Page 9667

1 responsibility.

2 Q. You were shown a telegram sent to Kocani finances sector, and

3 you'll find it behind tab 37 of the second binder, which is Exhibit P468.

4 Whilst explaining your understanding of the telegram at one point

5 you said that you were able to notice one other thing which was that the

6 telegram was addressed to the finances sector, which was directly attached

7 to the minister. In other words, it was within the public security

8 branch.

9 Do you recall saying that?

10 A. Yes, I recall that.

11 Q. You also stated that in such a situation, the head of the bureau

12 for public security would not be able to give instructions to a body which

13 did not fall within his remit under the law, but, rather, within the remit

14 of the minister.

15 Do you recall that?

16 A. Yes, I recall that.

17 Q. Let us look at the document behind tab 5, which is 1D107. Let's

18 look at the page which has a diagram. We're referring to the document

19 behind tab 5 -- or, rather, tab B.

20 This might be 1D65, but nevertheless, they form part of a single

21 document, 1D107.

22 Since we'll be discussing the diagram only, let's look at 1D2342.

23 The page I'm interested in is 1D242. It's the page before that one.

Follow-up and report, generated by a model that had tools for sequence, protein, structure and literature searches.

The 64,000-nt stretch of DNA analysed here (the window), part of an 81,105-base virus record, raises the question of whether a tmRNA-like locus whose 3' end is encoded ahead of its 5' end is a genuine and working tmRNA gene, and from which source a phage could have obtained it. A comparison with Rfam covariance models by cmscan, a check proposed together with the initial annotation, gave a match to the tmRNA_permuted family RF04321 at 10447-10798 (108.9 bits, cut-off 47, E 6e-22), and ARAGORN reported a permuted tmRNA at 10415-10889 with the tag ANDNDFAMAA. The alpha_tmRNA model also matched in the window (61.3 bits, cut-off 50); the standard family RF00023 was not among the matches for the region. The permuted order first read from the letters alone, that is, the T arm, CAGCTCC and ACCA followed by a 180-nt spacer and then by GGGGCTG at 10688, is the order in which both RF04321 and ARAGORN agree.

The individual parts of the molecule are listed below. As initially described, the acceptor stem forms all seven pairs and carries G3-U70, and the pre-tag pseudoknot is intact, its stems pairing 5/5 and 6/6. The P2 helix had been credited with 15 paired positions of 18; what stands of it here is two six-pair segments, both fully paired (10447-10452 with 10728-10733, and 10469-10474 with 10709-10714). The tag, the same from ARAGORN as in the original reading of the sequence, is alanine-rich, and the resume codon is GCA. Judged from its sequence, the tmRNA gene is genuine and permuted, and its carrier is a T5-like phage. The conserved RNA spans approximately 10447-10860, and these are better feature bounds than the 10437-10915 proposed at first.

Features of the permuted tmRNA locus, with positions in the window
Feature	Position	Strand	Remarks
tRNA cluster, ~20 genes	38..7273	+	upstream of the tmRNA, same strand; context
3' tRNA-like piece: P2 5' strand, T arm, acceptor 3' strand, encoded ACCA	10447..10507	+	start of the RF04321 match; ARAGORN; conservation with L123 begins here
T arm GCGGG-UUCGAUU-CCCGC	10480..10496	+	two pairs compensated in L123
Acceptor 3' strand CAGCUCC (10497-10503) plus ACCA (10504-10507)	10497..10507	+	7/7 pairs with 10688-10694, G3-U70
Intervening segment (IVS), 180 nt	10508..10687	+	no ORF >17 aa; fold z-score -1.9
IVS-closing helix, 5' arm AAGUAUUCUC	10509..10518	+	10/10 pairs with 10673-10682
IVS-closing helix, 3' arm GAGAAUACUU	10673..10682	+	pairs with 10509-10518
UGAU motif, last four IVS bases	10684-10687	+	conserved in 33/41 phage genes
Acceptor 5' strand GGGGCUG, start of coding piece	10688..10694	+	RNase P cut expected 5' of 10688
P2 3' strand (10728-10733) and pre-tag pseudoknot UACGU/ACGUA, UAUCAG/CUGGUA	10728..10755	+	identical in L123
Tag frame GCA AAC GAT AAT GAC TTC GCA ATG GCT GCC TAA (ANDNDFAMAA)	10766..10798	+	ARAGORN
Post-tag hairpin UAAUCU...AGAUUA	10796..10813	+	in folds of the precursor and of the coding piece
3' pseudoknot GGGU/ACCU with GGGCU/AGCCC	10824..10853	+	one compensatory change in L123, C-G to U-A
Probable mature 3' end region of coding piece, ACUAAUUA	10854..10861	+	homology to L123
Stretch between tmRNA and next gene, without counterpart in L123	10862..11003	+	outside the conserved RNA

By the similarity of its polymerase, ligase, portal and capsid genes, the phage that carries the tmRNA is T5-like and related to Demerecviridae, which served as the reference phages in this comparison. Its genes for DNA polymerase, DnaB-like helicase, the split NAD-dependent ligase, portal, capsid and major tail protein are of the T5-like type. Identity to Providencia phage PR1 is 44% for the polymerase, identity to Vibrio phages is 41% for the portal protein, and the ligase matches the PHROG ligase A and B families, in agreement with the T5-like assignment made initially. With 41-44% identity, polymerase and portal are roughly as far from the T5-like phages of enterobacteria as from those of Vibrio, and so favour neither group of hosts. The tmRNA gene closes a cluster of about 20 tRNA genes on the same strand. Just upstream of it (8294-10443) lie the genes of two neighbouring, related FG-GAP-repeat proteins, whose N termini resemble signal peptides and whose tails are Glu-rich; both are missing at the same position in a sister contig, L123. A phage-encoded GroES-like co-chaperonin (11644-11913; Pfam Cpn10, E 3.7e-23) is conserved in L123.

24 That's one.

25 Ms. Dorevska, please indicate where the finance sector is, the one

Page 9668

1 you referred to a moment ago, as being directly attached to the minister.

2 A. Of course. This is among the organisational units that are on the

3 right-hand side and that are functionally linked to the minister of

4 interior, so it is somewhere in the fifth box which says sector for

5 finance and other joint matters.

6 Q. Madam Dorevska, please tell me where the department for

7 international cooperation is, under whose jurisdiction does it fall?

8 A. Again, under the competence of the minister of the interior.

9 Q. Do you remember being shown a document from the meeting between

10 Minister Boskoski and NATO representatives.

11 That's the document behind table 25, which is 1D184, Exhibit

12 1D184.

13 My learned friend asked you some questions about check-points and

14 about how allegedly the minister assigned different individuals to